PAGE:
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Biomedicine in museums

Workshop, 'The Value of Objects, Materials and Practices" in different biological contexts ranging across the lab bench, the art gallery and the museum, Lancaster, 15 March, 2006

By February 19, 2006No Comments

Workshop “The Value of Objects, Materials and Practices”, Wednesday, 15 March 2006, 2:00-5:00pm, Lancaster University, IAS Meeting Room 2-3

This workshop will focus on some of the material artefacts associated with the contemporary development of the life sciences, as well as the forms of work associated with them, especially as these artefacts move across institutional boundaries that might be said to separate the laboratory, the art gallery and the museum.

The Affymetrix GeneChip is but one example of such an artefact, at once a patented technology, a symbol for the more widespead benefits of recent advances in biomolecular science, and basic material for the artistic representation of changing notions of kinship. As reactions to the recent announcement of the sequencing of the Spanish Influenza Virus suggest, however, such mobility is not always welcome.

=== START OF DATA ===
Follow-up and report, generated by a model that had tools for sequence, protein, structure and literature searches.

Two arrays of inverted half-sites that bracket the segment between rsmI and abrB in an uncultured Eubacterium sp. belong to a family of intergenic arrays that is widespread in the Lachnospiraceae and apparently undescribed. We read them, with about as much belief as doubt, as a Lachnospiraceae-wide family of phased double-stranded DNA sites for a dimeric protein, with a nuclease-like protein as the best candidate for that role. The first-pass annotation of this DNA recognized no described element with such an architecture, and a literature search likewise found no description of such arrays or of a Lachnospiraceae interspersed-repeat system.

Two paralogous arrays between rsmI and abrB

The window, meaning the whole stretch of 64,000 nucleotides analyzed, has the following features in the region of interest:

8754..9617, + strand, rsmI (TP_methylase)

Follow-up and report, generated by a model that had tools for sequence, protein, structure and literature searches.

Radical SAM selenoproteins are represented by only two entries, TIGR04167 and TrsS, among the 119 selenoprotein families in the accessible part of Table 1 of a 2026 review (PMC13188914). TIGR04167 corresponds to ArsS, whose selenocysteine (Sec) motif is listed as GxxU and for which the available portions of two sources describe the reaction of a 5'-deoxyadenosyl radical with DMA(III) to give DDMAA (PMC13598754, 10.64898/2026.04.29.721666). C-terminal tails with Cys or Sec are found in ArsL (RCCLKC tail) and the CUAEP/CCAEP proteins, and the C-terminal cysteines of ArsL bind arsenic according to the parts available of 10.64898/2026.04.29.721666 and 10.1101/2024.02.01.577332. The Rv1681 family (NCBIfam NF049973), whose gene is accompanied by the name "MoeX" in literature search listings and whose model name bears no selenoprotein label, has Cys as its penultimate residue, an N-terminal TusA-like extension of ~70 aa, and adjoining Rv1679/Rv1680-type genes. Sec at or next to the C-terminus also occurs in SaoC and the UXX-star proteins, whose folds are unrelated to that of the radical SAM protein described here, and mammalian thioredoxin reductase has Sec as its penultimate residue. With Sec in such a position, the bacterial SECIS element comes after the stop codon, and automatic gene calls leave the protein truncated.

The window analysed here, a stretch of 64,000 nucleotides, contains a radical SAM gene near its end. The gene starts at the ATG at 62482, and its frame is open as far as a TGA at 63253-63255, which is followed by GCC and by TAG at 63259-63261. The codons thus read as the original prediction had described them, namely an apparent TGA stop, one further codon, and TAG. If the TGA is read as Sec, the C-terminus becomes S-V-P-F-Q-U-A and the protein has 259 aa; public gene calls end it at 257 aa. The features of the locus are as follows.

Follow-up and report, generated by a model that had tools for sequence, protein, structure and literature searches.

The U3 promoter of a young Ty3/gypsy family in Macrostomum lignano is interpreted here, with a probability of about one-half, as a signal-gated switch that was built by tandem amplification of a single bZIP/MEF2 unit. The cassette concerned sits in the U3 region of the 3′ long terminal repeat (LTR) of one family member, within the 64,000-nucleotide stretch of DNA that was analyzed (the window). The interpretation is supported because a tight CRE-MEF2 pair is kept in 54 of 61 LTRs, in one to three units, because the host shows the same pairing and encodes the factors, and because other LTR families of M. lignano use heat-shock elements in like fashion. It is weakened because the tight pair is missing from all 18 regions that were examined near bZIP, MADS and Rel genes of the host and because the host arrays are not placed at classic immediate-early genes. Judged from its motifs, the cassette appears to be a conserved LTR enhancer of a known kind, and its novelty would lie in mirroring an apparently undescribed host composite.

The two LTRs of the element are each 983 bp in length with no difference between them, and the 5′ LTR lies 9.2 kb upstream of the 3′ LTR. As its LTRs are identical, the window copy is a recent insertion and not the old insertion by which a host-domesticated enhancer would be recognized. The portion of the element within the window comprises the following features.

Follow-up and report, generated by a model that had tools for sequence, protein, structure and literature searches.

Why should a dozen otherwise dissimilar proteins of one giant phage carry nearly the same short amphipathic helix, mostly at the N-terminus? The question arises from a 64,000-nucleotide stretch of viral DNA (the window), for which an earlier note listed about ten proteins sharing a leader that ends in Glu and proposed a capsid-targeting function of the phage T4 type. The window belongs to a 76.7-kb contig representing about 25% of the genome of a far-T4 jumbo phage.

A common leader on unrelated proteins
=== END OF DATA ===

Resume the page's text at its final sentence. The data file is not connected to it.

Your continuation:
These contrasting examples raise questions about what happens when biological materials move between different contexts. We are interested in exploring other cases, even those were the biological artefacts at issue lack the high profile of genomic techniques, but are equally thought-provoking or troublesome when they move between contexts.

Chair: Lucy Suchman

Thomas Söderqvist will start the discussion from the perspective of someone interested in how to best display the role of artefacts such as the Affymetrix GeneChip in reconfiguring the organisation of contemporary biomedicine. Brian Forde and Oron Catts will respond from the different perspectives of a biologist with considerable expertise in the analysis of the molecular microarrays and an artist engaged in sustaining a conversation between scientist and cultural critic through the shared material practices of the scientific and artistic ‘laboratory’.

Maureen McNeil and Richard Twine will comment on these interventions from the vantage point of scholars currently engaged in understanding the public visibility and ethical implications of contemporary developments in the life sciences.

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Thomas Söderqvist

Author Thomas Söderqvist

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